Tuesday, June 17, 2014
The Case for Boeing's CST-100
I know that many here are SpaceX fans, but I think it's time to take a cold, hard look at the upcoming Commercial Crew downselect. Though I personally believe that we should not downselect to one, the powers that be seem to have dictated otherwise, so I'll lay out the case.
Currently, there are three contenders in the NASA commercial crew program.
#1, SpaceX, with its Dragon 2 capsule
#2, Boeing, with the CST-100 capsule
#3, Sierra Nevada Corporation, with its Dreamchaser spaceplane.
The Dragon would launch on the Falcon 9 v1.1 launch vehicle, while the other two selected the Atlas 5. All three plan on a maximum crew of 7. The CST-100 and Dreamchaser claim to have launch vehicle flexibility, in that they could Delta IV or Falcon 9 as the launch vehicle, but this would of course take some engineering work. A further issue with Delta IV is it is not human rated, and doing so would be a very expensive and time consuming job. Falcon 9 is an option, though IMHO an unlikely one; SpaceX has said it is going ahead with Dragon2 whether it wins the commercial crew contract or not, so they would most likely, if excluded from commercial crew, be unwilling to spend the engineering time and eat the gall needed to launch their competitor with the F9. They'd surely prefer to say "Here's Dragon, ready to go. Take it or leave it".
That, realistically, leaves Dreamchaser and CST-100 relying on Atlas5, a launch vehicle with a great record.
Time is a constraint here. Dreamchaser is probably the furthest from flight capability, and further, it has a major issue; alone among the contenders, it does not have, and due to its design cannot have, a launch abort system; it can't do a pad abort or an abort in the first seconds of flight (Historically, these are far the most likley emergency abort situations) because it cannot boost free of the launch vehicle (It lacks the thrust) unless the launch vehichle ceases thrusting and there's no significant aerodynamic pressure. Further, Dreamchaser, due to its mass, would need boosters on the Atlas 5, Thus, Dreamchaser needs major waivers of the NASA human-rating guidelines. Due to these issues and others (Namely, Sierra Nevada Corporation doesn't have any political clut, whereas Boeing has massive amounts) I'm going to say that Dreamchaser has no chance of surviving the dowselect.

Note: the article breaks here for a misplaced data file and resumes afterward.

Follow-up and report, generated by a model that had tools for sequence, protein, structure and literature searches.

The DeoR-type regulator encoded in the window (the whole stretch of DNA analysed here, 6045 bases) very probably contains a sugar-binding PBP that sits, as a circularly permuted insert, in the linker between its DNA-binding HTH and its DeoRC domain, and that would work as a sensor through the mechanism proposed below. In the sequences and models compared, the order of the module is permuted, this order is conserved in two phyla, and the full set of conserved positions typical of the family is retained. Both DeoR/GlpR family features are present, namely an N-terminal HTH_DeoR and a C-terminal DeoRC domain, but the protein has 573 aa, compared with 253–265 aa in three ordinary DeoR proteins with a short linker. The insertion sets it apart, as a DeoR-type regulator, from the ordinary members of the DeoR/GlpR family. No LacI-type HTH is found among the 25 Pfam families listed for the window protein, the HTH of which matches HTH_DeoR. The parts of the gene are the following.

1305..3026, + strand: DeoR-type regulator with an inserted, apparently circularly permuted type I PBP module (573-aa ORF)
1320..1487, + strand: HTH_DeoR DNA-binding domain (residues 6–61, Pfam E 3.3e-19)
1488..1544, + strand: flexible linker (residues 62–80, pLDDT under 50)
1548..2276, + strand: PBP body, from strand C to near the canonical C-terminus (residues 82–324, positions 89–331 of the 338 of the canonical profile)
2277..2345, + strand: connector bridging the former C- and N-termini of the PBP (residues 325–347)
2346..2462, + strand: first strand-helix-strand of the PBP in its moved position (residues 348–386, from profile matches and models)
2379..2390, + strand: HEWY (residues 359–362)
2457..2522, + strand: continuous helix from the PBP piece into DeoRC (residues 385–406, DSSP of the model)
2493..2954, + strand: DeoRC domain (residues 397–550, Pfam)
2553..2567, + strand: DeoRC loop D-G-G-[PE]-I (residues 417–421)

That leaves two; Boeing and SpaceX. SpaceX's Dragon is the closest to flight capability, plus they have plenty of flight experience with the cargo version of Dragon, which has now flown five times (Including 4 to ISS). The Falcon 9 is human-rated, but it while it has a fine record, it doesn't yet have the long history of Atlas5. Dragon would offer greater flexibility and is the more advanced design. It also offers propulsive landings, which offers many benefits, especially in an emergency. For example, if a crew member on ISS (The Commercial crew vehicles will also serve the "space lifeboat" role via having one or more docked to ISS at all times) was in need of urgent medical help (Such as the near drowning we saw during a recent spacewalk due to water filling the helmet - had he inhaled it, he'd have needed hospitalization fast) the Dragon could, via propulsive landing, get the astronaut to a hospital far faster, because it could quite literally land on the hospitals' helipad helicopter pad half an hour after leaving ISS. A capsule that has to land in the ocean would extend the time by many hours.